The Girl from the Train by Irma Joubert

Joubert, Irma The Girl From the Train

Publication Date: November 2015

Publisher: Thomas Nelson

ARC Copy from Thomas Nelson  and The Fiction Guild

The Girl from the Train is a very compelling story that begins in April, 1944 when 6 year old Gretl Schmidt drops from a transport train headed to Auschwitz. She is found by Jakob Kowlaski, a young Polish rebel, whose life will become intrinsically linked to hers over the course of the next fifteen years. Gretl’s family connections put her in a precarious position and force Jakob to lie about her background in order to keep her safe. Eventually Jakob must consider his family first and surrender Gretl to a German orphanage.

Gretl learns from an early age to contend with loss, suffering, and prejudice in order to survive. Jakob does the best he can given the situation under which he is operating to take care of the girl. He reads about a program in Germany where the orphans are sent to South Africa to be adopted. He preps Gretl with documents and stories that make it possible for Gretl to become part of the program.

The novel continues Gretl’s life story once she gets to South Africa in alternating chapters with Jakob’s story as he lives through the turmoil following the war and the onslaught of communism in Poland. The historical detail is very interesting, covering different aspects of World War II than many traditional historical novels. The religious and ethnic prejudices encountered in this novel are very vivid.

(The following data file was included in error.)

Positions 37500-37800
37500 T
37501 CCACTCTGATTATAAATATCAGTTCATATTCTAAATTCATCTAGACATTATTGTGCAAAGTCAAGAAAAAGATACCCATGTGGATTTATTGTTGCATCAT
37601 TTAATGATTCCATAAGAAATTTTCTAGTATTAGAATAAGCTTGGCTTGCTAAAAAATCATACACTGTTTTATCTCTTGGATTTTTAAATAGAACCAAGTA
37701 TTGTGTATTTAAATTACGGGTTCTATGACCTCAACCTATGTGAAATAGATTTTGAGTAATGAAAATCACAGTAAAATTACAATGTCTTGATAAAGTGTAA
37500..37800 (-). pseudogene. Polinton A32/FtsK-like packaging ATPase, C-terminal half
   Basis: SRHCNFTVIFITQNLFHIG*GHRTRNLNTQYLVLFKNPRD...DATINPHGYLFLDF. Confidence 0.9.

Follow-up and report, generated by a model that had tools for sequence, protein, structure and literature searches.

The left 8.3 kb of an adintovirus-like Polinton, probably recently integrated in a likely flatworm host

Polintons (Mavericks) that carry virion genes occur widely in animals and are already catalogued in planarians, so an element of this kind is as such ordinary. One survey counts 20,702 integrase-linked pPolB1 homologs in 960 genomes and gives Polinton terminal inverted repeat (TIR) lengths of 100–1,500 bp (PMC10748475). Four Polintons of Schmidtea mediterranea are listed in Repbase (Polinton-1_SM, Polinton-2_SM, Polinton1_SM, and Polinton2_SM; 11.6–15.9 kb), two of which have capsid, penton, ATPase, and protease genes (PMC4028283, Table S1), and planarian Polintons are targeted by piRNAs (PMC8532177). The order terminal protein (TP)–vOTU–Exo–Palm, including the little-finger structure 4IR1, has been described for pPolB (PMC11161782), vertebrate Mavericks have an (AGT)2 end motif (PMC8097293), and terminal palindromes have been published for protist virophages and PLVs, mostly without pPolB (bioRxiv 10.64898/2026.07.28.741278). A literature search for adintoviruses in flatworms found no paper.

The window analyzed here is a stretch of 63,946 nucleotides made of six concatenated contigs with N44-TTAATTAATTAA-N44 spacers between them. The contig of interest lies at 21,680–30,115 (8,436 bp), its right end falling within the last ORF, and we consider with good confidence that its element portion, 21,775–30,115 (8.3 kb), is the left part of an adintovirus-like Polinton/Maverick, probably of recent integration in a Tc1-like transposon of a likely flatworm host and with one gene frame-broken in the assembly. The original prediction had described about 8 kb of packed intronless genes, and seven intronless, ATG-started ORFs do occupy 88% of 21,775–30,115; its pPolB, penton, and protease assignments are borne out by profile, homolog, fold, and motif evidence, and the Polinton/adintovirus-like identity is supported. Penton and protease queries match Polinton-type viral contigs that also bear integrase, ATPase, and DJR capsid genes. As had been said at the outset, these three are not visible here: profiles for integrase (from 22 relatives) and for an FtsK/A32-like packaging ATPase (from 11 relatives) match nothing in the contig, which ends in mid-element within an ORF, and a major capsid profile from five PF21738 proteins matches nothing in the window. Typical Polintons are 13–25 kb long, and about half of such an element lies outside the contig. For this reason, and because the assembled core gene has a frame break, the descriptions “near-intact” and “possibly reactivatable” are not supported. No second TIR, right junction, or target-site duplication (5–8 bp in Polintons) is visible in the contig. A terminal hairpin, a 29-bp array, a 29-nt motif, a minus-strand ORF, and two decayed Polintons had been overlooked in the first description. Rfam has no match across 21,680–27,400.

The personalities of the characters are complex and appealing. Gretl develops over the course of the novel from a scared, but strong six year old to an engaging, resilient young woman. Jakob, almost 14 years older than Gretl, gains maturity and insight into politics and the broader world as he survives the war, communism, and a loss of his home country.

This book has depth and emotion. The suffering, prejudice, and secrets keep the reader engaged. A fascinating book with great perspective! Outstanding novel for readers of historical fiction!

This ARC copy was received from Thomas Nelson and Zondervan’s Fiction Guild challenge in exchange for an honest review. The above thoughts and opinions are wholly my own.



Leave a comment

Filed under Book Reviews, Historical Fiction

Leave a Reply

Fill in your details below or click an icon to log in: Logo

You are commenting using your account. Log Out /  Change )

Google+ photo

You are commenting using your Google+ account. Log Out /  Change )

Twitter picture

You are commenting using your Twitter account. Log Out /  Change )

Facebook photo

You are commenting using your Facebook account. Log Out /  Change )


Connecting to %s

This site uses Akismet to reduce spam. Learn how your comment data is processed.